Pastitsio, the classic Athenian recipe, a pasta bake, similar to lasagne, but made with long tubular macaroni called 'mezzani'. If you can't find it where you live, feel free to use shorter macaroni, or bucatini, which is Italian pasta with a smaller tube. But if, like me, you believe certain shapes of pasta go with particular sauces and are a little bit fussy about that, make the effort to get the right pasta. 
I admit that I'm a pasta fascist. I recoil with horror when my daughter puts different shaped pasta together in the same pot. Of different cooking times! No. Just no. 
My other pasta rules: buy the very best, the stuff that costs a couple of pounds a packet. You aren't exactly breaking the bank with that. In fact this is one of my life rules: if you don't have much money, go luxe on the cheaper things of life. Buy great soap, great pasta, great tinned tomatoes. Never buy cheap pasta and of course never EVER buy quick cook. 
Do not confuse pastitsio with pasticcio, an Italian dish, which is more like a pie (although you will see recipes around the internet which call it by the latter name).
I think this is a great supper club or dinner party dish, as you can make everything in advance, assemble it, then bung it in the oven while your guests are here, leaving you hands-free to serve drinks and chat.


Vegetarian Pastitsio Recipe


Serves 8 to 10 people


Ingredients


The tomato sauce
A heavy splash of olive oil
1 litre of passata (or 1 500g box of passata and 1 tin of chopped tomatoes)
3 cloves of garlic, minced
2 tbsp of fresh thyme leaves
Sea salt
The pasta
500g macaroni, ideally ‘mezzani’
1 tbsp sea salt
2 tbsp olive oil
The mushroom béchamel
1 kilo of mushrooms, thinly sliced
50g unsalted butter and a splash of olive oil.
1/2 glass of white wine
75g of unsalted butter
6 tbsps of flour
1.5 litres of whole milk
1 tsp of ground nutmeg
Sea salt to taste
White pepper, ground
Cheese topping
200g grated hard sheep cheese, Cheddar or tomme

For the method go to my blog post on this recipe  where I also talk about my new found love of Greek wines (even Retsina!) in my winetrust100.com column. And I explain how to keep all of your pasta in straight lines. 

Wednesday, 8 April 2015

Artichoke, black lime, dill and lemon stew recipe (vegan)


Artichokes have hearts but as they grow older their hearts turn into bottoms!
This stew can be extravagantly made with fresh artichokes if you can get them cheaply in season otherwise this dish becomes too expensive.  But I've found artichoke bottoms in brine in large jars at my local Kurdish corner shop which taste pretty good. Frozen artichoke bottoms can also be found in Middle Eastern shops if you live in a city. I would count 3 artichoke bottoms per person if using fresh or more if using jarred or frozen. Fresh artichokes take up space in a saucepan and this is a rich 'stew' so you don't need too many. But you know your own appetite for artichokes I'm sure, so put in as many as you feel you'd like to eat.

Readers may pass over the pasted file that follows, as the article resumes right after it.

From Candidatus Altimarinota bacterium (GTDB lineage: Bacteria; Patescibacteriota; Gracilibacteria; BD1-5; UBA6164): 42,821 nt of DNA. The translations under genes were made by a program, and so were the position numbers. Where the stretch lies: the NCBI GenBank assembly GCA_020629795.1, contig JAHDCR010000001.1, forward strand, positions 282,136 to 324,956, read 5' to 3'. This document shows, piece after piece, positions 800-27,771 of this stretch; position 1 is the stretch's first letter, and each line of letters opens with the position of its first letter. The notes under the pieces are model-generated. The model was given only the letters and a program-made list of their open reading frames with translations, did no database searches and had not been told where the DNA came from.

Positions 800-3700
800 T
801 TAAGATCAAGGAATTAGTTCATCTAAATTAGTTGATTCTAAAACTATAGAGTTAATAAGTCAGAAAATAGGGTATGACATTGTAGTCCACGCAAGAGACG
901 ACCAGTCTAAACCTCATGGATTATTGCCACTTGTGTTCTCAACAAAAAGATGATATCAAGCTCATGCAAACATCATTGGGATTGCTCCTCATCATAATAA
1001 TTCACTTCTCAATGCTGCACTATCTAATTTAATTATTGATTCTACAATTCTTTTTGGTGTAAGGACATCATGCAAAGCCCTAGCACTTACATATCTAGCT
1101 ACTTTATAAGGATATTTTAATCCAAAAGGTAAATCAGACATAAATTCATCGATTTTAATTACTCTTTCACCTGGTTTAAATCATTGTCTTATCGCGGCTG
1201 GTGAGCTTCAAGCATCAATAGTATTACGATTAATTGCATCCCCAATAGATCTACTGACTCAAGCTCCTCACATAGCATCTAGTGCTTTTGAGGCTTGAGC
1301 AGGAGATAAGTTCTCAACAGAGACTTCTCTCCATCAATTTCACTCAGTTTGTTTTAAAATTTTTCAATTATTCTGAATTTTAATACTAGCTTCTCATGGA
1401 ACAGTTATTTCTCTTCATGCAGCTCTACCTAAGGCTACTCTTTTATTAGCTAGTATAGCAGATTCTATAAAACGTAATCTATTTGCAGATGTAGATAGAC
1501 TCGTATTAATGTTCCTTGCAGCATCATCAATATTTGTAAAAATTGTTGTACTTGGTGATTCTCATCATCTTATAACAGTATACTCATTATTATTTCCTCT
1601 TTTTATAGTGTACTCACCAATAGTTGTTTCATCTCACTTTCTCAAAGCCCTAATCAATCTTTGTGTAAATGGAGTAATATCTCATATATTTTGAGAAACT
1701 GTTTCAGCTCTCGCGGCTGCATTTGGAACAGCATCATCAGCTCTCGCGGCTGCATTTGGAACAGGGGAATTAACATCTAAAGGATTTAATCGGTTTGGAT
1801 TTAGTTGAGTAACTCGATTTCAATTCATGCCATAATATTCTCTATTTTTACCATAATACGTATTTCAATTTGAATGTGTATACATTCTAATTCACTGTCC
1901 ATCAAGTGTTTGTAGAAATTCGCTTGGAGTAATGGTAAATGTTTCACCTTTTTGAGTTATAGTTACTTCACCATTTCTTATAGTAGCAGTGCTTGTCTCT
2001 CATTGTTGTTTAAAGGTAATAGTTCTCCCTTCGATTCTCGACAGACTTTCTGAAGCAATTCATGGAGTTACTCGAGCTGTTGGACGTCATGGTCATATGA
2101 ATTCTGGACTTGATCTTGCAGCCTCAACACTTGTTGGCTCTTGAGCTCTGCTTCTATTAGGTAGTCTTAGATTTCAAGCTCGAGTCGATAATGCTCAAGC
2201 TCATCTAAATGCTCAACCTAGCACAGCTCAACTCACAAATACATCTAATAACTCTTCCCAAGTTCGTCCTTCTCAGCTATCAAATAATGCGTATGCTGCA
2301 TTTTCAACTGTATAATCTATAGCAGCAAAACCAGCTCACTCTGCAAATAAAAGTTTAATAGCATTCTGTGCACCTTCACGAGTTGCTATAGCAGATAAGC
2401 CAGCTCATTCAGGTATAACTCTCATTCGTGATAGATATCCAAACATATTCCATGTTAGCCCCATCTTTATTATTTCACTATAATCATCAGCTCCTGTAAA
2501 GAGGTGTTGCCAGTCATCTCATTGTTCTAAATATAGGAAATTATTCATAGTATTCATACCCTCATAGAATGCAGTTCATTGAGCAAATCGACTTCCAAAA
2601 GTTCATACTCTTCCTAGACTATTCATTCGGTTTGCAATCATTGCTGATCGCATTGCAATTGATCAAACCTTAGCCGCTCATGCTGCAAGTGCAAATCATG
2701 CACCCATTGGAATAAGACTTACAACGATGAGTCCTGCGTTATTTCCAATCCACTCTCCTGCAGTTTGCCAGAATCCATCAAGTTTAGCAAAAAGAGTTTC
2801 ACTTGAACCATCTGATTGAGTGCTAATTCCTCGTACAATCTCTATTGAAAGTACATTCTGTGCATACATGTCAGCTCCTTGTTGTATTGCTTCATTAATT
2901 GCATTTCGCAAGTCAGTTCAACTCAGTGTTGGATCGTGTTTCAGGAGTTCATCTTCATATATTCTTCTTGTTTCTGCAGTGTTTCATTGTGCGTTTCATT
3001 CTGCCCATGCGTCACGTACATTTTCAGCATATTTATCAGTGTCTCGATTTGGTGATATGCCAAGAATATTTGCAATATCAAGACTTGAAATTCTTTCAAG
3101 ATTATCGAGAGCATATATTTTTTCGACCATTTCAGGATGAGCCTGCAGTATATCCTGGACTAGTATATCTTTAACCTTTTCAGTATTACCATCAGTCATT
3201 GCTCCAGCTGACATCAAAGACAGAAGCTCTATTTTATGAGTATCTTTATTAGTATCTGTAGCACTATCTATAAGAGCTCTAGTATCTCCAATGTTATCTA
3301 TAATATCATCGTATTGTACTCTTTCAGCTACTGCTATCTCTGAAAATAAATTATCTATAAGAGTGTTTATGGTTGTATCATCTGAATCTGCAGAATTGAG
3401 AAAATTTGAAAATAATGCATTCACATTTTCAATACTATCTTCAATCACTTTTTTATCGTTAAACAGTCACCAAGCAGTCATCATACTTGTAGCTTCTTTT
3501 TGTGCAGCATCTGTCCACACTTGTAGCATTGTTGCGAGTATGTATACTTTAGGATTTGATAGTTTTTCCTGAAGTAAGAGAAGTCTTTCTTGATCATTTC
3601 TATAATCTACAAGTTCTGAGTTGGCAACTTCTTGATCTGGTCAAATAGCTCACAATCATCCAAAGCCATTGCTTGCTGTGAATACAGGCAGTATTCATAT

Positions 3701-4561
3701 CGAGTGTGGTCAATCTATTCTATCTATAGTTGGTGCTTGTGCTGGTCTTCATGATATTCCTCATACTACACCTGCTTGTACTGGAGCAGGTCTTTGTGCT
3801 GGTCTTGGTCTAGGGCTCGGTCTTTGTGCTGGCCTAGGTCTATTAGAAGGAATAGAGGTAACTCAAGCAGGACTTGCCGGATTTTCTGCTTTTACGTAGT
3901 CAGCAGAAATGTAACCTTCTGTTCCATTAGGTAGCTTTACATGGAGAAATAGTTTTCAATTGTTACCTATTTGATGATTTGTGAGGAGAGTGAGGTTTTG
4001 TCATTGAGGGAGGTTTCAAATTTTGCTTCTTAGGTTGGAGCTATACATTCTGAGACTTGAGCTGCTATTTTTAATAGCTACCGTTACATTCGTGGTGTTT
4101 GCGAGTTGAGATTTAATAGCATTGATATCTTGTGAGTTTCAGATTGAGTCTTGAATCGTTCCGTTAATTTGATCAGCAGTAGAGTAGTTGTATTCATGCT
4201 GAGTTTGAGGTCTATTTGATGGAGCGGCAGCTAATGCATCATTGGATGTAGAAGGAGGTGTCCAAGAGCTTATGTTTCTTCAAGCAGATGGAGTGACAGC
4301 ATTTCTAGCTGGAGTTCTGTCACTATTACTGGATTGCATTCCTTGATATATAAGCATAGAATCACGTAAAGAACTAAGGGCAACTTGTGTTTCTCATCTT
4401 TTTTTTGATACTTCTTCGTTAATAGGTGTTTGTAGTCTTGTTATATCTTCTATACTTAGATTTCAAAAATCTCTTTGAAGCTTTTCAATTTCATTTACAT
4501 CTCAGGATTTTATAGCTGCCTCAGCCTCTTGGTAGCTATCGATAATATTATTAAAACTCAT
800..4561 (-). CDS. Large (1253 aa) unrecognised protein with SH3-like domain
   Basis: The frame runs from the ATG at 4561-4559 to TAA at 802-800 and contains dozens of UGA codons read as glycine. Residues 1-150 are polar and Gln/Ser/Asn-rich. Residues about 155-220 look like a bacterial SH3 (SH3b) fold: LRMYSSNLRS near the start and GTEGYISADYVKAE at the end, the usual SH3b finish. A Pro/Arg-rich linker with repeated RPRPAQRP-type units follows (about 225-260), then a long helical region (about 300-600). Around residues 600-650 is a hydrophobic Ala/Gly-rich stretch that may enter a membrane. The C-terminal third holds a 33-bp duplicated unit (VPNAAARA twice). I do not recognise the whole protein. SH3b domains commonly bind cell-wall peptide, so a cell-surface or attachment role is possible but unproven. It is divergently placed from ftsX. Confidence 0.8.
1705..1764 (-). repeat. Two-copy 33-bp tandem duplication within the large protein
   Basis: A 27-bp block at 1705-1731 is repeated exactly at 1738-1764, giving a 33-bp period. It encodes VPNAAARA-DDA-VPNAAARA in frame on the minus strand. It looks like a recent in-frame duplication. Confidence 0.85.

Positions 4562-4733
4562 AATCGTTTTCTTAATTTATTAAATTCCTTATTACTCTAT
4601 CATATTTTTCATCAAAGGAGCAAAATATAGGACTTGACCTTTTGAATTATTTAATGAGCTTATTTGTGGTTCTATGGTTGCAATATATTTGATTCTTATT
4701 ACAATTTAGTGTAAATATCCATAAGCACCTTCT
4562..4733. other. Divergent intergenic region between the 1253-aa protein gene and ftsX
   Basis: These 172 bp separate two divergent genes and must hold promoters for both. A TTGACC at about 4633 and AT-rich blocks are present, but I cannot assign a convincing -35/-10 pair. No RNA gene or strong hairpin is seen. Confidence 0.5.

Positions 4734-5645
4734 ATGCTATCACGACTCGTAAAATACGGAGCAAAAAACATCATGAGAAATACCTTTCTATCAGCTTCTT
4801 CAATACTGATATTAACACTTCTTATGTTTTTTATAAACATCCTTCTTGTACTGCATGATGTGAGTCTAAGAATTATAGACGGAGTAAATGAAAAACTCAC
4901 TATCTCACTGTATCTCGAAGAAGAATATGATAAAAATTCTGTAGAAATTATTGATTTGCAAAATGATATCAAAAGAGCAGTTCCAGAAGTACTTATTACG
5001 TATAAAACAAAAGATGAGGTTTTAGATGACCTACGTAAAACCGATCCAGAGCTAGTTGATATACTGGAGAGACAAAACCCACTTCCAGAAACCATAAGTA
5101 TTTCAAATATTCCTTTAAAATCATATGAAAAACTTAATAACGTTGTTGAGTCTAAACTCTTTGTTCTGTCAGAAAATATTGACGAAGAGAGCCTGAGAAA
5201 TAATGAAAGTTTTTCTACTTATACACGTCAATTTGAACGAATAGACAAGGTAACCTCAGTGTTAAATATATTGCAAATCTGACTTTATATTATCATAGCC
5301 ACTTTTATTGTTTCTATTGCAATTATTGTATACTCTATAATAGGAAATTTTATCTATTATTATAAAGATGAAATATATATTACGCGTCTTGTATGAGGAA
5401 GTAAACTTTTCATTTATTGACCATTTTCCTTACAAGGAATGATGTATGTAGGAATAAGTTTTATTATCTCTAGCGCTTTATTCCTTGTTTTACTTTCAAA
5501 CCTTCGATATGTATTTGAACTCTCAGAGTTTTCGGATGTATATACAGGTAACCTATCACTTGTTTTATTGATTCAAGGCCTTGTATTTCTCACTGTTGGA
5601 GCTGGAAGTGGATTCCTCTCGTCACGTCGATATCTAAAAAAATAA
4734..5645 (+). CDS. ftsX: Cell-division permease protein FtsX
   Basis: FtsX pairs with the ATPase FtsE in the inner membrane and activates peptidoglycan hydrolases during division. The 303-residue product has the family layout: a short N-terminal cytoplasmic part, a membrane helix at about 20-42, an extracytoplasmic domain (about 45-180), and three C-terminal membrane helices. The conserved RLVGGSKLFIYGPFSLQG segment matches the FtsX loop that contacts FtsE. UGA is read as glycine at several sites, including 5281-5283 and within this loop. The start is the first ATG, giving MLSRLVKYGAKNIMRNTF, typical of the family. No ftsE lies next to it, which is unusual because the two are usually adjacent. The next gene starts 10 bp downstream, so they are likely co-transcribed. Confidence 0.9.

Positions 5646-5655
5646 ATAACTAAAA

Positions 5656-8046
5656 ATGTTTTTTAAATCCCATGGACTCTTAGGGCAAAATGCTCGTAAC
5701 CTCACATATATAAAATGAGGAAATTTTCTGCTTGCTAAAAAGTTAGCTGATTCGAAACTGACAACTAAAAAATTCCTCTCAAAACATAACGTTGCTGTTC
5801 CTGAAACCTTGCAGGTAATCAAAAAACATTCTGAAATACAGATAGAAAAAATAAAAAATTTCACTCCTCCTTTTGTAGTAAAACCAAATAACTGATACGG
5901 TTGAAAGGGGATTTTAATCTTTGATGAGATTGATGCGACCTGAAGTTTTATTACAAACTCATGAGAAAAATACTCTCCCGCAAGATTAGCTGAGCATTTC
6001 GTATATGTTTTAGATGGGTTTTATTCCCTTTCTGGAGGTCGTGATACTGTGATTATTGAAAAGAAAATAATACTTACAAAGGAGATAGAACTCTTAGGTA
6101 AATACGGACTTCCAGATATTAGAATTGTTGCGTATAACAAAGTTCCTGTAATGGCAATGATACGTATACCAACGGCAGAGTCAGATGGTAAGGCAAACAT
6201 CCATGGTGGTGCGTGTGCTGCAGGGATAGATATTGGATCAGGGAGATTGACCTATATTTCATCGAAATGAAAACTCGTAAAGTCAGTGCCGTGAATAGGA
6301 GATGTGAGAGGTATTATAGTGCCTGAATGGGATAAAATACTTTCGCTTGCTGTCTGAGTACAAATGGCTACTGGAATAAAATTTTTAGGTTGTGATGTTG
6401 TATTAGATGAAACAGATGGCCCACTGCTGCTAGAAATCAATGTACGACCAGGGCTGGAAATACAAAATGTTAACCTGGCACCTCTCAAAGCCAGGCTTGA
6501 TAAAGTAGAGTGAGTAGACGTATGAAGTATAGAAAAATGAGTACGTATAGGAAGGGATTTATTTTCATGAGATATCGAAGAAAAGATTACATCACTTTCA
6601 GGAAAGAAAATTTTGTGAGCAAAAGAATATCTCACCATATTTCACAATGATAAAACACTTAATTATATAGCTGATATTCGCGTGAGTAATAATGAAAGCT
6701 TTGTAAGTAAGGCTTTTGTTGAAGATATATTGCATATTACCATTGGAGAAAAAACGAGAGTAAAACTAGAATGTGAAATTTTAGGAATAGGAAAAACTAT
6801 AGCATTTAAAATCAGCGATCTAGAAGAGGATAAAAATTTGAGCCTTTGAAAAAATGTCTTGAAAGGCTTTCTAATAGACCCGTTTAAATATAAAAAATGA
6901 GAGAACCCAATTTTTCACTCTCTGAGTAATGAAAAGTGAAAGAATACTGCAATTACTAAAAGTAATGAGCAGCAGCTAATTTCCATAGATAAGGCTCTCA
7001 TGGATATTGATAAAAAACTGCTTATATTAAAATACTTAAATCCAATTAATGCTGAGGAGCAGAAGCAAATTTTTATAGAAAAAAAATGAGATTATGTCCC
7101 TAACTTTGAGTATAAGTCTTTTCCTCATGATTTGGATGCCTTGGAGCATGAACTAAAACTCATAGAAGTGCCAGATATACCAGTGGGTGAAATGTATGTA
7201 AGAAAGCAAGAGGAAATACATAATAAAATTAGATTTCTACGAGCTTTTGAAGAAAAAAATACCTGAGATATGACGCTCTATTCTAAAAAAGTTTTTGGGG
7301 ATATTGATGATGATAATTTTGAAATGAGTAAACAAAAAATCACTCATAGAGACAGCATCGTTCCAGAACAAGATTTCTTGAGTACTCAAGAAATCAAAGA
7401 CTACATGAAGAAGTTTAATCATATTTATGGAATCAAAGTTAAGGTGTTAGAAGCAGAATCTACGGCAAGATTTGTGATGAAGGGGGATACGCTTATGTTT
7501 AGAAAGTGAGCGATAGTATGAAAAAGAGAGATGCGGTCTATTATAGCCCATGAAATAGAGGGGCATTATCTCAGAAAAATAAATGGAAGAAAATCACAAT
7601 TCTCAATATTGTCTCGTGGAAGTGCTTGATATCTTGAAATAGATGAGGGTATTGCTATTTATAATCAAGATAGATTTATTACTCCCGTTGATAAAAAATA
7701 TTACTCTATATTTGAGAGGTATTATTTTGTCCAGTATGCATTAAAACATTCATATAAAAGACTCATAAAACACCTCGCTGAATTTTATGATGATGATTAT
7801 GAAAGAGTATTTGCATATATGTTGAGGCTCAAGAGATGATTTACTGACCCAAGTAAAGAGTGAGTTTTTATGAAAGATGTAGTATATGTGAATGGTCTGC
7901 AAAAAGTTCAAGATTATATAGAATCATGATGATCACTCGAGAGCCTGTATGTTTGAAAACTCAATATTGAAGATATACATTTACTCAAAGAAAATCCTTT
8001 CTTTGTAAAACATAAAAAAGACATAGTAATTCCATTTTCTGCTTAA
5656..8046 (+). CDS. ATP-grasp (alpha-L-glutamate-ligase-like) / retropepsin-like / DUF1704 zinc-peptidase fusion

Another ingredient you may not have tried is black lime which is often used in Persian cookery. It adds an intriguing smokey, charcoal, fermented note. Crumble it into any kind of stew or leave whole to slowly infuse into your pot of ingredients.
One more thing, if using jarred/canned/frozen artichokes, this recipe takes maximum half an hour to make.

Artichoke, black lime, dill and lemon stew recipe


Serves 4


400g jar of artichoke bottoms (drained) or 12 fresh artichokes, stem cut, top sliced off
1/2 lemon for the pot if using fresh.
Juice of 2 lemons
2 cloves of garlic, minced
1/2 black lime, pounded into dust
2 preserved lemons, finely sliced
a handful of fresh dill, finely chopped
150ml of good olive oil
100ml raki (optional)
Sea salt to taste

Garnish with crumbled feta (optional)
or mint leaves, torn


If using fresh artichokes, cut off the stems and cut the top of the spiky thistle off. Prepare a large saucepan of salted boiling water, with half a lemon. Make sure you can fit all the artichokes in (you may need two pans) and that you have a lid for the pans. I also seal the pans by wrapping the lid in a clean tea towel. Boil for around ten to fifteen minutes longer if the artichokes aren't very fresh. However, do not over boil them. You want to be able to tug at a leaf and it comes off with just a little resistance, not too easily. If you were cooking them to use as a steamed artichoke starter then you would want the leaf to come off easily. But for a stew, you don't want the artichoke to turn into mush.
When they are par-boiled, remove the artichokes and leave them to drain, head facing downwards.
Then remove all the leaves and any thistle until you have the base.
(I ate the leaves as I went along!)
Using jarred/canned/frozen artichoke bottoms or prepped fresh ones, place them in a heavy bottomed large sauce pan. Add the lemon juice, garlic, black lime, the preserved lemon slices, the dill, the olive oil. Add the raki if using. Simmer for ten to fifteen minutes on a low heat.

Serve warm or cold as a meze or part of a main meal. Drizzle with more olive oil. Tastes even better the day after.